First week

Phew, days 3, 4 and 5 are over already, and it's more than time for another update! Lots of code in this one... ;-)


On Wednesday, I took a closer look at the completion refactoring pull request and some sqlite performance issues it had.

I was able to get the performance up to an acceptable level (comparable to the current completion, but without a web history limit, i.e. searching the full history) by creating some SQL indices on the table, and splitting the table into two so it looks more like how the data is actually displayed in the completion. I also needed to add a cache for QtWebKit's historyContains (used to color visited links) because for some reason it asked for the same thing dozens of times in a row...

After that, I did a complete review of that pull request. Unfortunately it grow quite big, so the review also took a fair amount of time...

I originally planned to get it merged before starting the config work, but that made me realize that's not feasible. However, only relatively little config code is impacted by it, so it seems reasonable to let rcorre (the contributor doing that PR) work in parallel on that while I'm working on the config.


Yesterday morning I was mostly busy with finishing some work related to the contribution above. After that, I tried updating my debug Qt packages for Qt 5.9 which was recently released, but unfortunately ran into some issues with building them...

After that, I started branching off to a new-config branch - with that, the real work (and breaking everything) could begin.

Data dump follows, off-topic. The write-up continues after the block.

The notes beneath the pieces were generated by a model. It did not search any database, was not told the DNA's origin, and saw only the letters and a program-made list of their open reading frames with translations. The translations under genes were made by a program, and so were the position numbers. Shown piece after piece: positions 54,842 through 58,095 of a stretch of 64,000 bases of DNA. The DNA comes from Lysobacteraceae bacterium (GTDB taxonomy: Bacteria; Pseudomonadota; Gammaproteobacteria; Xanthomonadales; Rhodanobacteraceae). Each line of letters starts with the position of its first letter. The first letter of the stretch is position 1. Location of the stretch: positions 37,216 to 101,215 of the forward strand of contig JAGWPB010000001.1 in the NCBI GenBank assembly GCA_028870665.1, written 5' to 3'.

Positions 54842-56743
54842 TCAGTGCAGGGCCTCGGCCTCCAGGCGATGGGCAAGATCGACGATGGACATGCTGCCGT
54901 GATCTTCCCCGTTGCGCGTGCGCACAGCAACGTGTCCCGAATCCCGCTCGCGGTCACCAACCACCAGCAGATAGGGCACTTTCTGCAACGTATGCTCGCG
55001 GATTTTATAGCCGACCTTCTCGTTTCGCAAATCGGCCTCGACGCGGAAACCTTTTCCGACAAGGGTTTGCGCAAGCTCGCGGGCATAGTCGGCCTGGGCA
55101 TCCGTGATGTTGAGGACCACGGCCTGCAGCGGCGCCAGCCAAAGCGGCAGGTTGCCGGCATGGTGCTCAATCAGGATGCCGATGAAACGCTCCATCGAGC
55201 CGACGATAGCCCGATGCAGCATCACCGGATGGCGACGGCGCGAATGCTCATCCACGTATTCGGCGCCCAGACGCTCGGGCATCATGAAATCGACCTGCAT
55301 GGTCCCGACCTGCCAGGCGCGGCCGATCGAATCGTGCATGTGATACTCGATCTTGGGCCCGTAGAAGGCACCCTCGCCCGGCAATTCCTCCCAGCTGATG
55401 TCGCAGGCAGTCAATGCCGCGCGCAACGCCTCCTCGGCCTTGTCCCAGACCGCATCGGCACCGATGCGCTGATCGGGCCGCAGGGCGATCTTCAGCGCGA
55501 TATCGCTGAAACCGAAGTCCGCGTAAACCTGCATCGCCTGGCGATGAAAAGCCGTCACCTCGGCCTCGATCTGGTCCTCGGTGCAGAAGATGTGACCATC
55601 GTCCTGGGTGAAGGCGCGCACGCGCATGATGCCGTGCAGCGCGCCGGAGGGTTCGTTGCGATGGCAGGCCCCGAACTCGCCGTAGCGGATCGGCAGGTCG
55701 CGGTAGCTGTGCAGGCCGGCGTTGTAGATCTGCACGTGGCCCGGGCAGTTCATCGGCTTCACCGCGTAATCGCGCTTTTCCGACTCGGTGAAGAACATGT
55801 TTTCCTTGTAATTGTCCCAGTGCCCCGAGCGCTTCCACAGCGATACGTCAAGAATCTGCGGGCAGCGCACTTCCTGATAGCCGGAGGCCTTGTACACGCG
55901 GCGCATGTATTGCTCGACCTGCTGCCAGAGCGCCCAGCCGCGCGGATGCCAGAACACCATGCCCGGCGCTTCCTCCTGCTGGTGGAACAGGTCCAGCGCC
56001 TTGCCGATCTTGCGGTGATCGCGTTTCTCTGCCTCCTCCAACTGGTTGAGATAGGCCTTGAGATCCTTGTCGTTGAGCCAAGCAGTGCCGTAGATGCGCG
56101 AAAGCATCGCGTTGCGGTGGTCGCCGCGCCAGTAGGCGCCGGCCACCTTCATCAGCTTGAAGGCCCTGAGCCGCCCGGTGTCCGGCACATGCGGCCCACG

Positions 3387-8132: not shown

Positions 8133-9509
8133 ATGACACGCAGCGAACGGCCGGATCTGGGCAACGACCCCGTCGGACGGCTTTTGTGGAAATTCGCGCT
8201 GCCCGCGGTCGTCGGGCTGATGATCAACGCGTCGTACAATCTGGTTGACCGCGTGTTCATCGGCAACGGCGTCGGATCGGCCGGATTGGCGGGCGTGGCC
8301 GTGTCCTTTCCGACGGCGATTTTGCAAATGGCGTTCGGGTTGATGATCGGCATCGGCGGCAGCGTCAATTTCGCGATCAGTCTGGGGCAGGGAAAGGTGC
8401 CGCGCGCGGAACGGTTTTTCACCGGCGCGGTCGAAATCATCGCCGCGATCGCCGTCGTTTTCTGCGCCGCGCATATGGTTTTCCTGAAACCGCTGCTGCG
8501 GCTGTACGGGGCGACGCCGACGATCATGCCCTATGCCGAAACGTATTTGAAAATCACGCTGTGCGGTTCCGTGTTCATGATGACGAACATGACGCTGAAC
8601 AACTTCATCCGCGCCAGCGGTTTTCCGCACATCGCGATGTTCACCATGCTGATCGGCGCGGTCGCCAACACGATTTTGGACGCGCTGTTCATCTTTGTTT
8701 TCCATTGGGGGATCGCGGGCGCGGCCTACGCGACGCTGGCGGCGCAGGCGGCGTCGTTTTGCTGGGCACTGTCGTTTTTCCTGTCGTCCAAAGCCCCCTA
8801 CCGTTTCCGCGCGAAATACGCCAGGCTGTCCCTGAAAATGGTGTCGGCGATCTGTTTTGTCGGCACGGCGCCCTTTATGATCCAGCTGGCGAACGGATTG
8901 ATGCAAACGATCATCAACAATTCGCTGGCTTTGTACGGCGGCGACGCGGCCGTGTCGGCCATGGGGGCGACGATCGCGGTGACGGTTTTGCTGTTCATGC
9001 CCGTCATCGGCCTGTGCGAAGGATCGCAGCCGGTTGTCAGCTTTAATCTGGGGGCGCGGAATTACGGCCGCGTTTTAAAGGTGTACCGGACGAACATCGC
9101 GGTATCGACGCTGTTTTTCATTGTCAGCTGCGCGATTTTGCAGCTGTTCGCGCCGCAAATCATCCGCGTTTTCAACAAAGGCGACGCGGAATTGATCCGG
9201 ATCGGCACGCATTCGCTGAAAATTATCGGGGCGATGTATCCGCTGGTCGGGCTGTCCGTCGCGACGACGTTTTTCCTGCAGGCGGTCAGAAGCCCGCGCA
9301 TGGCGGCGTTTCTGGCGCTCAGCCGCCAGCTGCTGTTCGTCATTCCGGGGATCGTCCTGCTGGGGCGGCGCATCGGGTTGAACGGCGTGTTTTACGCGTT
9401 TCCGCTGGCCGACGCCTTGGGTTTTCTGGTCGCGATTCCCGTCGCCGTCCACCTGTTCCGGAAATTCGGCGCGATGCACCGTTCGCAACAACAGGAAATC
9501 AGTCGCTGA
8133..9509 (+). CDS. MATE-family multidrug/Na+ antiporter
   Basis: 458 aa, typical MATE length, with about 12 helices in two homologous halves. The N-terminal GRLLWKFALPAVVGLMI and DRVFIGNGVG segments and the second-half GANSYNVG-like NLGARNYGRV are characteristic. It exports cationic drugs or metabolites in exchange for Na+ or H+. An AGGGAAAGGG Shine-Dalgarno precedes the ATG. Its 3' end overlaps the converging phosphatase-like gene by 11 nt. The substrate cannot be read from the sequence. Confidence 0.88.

I started with stubbing out all the old config code, replacing it by a simple object which only returns the default settings.

It essentially boils down to this:

class SectionStub:

    def __init__(self, conf, name):
        self._conf = conf
        self._name = name

    def __getitem__(self, item):
        return self._conf.get(self._name, item)

class NewConfigManager(QObject):

    changed = pyqtSignal(str, str)

    def __init__(self, parent=None):
        self._values = {}

    def _key(self, sect, opt):
        return sect + ' -> ' + opt

    def read_defaults(self):
        for name, section in
            for key, value in section.items():
                self._values[self._key(name, key)] = value

    def get(self, section, option):
        val = self._values[self._key(section, option)]
        return val.typ.transform(val.value())

It only provides the default config values to the rest of the code and various stuff (like typing :set) crashes, but it's a great foundation to build the new config code upon, and much of the old code is deactivated with that.

Next, I converted the old file to a YAML file, as it was very cumbersome to edit before. The configdata file contains the definitions of all available qutebrowser settings, with their types, default values and description.

This is an example of how it looked:

          ('none', "Don't log messages."),
          ('debug', "Log messages with debug level."),
          ('info', "Log messages with info level.")
      )), 'debug'),
  "How to log javascript console messages."),

And this is how the same definition looks in the YAML file, in a more declarative style:

    name: String
      - none: "Don't log messages."